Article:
Ecclesionomics – Part 2

The contemporary economic model of church has worked quite well in the congregationalization of North America. Scottish missiologist Andrew Wall has noted that the greatest accomplishment of the 19th century of Christian expansion around the globe, was the churching of North America. In only a century, the church spread from a handful of fledgling states on the eastern seaboard to every state, county, and town in North America.

Truly the ecclesionomic model of a pastor-led church congregations has proven to be a remarkably vibrant way of doing church that has resulted in more than 300,000 congregations in every corner of North America. If the average size of the church in North America was 1,200 members then we could all relax and accept the contemporary ecclesionomic paradigm.

The reality, though, is that the generous average church in North America has only 184 members, resulting in about 55 million congregants out of a combined population of 350 million. More church starts would certainly seem to be the remedy to this dilemma were it not for those pesky incentives and disincentives to behavior hidden within the invisible dynamics of ecclesionomics.

What is happening instead is the Walmartization of the American church scene. Churches with better resources are drawing into their attractional orbit larger and larger numbers of church members by the excellent services they have to offer. In practical terms this means, if you are drawn to better pulpiteers, you may leave your mediocre pastor to attend a church with a better preacher. If youth ministry is your priority, you will seek out a church with a strong youth program. If music and worship are your passion, why would you stay at a church with marginal ministry in this field when a church with world-class worship is just a short drive away? The same can be said for senior adult ministry, missions, and so forth.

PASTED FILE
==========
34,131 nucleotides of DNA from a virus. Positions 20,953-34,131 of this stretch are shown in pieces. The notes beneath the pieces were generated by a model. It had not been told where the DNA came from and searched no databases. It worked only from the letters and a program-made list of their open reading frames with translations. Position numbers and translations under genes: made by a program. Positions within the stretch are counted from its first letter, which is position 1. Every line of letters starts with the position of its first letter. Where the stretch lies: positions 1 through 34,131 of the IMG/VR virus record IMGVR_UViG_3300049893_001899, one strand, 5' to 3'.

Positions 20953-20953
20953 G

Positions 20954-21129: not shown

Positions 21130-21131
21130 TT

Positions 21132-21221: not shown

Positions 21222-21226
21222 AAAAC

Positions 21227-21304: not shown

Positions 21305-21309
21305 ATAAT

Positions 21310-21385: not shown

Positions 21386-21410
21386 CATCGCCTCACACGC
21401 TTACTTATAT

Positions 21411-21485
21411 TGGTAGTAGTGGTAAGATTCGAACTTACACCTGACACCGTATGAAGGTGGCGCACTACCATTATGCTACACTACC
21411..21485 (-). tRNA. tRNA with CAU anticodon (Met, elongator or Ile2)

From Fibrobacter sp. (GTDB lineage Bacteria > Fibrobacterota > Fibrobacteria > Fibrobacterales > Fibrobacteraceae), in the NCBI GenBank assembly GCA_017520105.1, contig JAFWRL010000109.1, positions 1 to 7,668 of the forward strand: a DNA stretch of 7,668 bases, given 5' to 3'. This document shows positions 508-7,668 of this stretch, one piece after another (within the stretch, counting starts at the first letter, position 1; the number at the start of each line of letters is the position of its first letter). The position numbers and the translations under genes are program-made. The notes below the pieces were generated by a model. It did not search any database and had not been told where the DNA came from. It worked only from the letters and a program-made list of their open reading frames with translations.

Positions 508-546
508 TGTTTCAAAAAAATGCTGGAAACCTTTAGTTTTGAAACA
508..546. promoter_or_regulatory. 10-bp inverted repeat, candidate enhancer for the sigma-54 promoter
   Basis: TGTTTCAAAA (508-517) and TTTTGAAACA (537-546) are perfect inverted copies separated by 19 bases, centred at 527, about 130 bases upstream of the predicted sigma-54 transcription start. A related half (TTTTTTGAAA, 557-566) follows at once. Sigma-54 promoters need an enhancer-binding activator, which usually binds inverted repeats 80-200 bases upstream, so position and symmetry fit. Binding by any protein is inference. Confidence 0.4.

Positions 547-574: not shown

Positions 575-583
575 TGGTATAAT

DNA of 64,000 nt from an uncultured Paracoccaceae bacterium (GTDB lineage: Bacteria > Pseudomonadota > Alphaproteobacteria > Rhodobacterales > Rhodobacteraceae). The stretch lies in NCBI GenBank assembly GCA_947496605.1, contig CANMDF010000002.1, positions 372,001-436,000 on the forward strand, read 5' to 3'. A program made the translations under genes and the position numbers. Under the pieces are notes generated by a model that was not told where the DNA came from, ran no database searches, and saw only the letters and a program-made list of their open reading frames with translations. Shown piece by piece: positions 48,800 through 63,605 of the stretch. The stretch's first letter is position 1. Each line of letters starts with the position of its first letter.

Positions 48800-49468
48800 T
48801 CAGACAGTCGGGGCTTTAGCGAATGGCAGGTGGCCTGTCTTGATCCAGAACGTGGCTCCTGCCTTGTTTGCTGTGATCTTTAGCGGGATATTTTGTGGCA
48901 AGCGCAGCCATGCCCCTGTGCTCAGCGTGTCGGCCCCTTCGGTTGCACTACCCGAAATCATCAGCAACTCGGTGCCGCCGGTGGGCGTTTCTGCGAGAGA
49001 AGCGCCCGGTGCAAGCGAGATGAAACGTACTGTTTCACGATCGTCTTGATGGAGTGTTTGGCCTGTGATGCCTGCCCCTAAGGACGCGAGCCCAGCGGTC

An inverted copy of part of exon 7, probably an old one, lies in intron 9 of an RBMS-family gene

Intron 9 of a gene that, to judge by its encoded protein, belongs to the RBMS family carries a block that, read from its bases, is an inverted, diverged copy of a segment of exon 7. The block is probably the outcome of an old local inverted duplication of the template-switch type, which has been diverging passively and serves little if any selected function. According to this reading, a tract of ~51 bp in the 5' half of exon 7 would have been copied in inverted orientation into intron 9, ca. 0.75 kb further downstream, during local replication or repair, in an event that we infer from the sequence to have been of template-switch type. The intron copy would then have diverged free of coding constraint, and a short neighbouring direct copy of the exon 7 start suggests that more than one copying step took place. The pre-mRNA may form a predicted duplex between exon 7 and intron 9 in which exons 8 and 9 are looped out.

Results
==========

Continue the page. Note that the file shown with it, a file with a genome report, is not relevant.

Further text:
To cite an old parable: Two men are on a camping trip when a grizzly bear attacks their campsite. One of the men quickly begins to put on his running shoes. The other camper cries out, “What are you doing? You can’t outrun a grizzly bear!” The first camper responds, “No, but I can outrun you!”

The invisible forces of ecclesionomics are leading God-fearing church members to cast their lot, and their tithe, with churches that perform excellently. If today’s church members stubbornly cling to their congregations out of loyalty or tradition, know this: their children will not. If they go to church at all, they will almost certainly gravitate toward those churches that provide them the best venues for exercising their gifts or receiving the gifts that are offered to them.

As Bob Dylan noted, “You don’t have to be a weatherman to know which way the wind blows.” The future of the church in North America is tied to the invisible forces of ecclesionomics. And this is not all bad. The result may well be a Darwinian pursuit of higher and higher quality of Christian service in homiletics, worship, ministry, and mission. Those churches that fail to compete in church excellence will simply fail to thrive, and ultimately expire.

Ecclessionomics, even more than theology, is shaping the landscape of the church in North America today. While one can argue over the value or desultory effects of ecclesionomics, its reality is inescapable and will continue to strongly influence us whether we are aware of it or not.

The law of ecclesionomics is a natural force impacting the lives and behavior of Christians everywhere. But what about those non-Christians, the unreached masses who are untouched by ecclesionomics, because they reside outside the walls of this ecclesionomic church paradigm. These are the real losers in the contemporary economic paradigm of how we do church. We’ll discuss these non-participants in today’s economic paradigm in Part Three of these essays on ecclesionomics.

Dr. David Garrison is the Executive Director of Global Gates, a ministry that reaches the ends of the earth through global gateway cities. Learn more about Global Gates at Mission Nexus member organizations can provide content to the Missio Nexus website. See how by clicking here.

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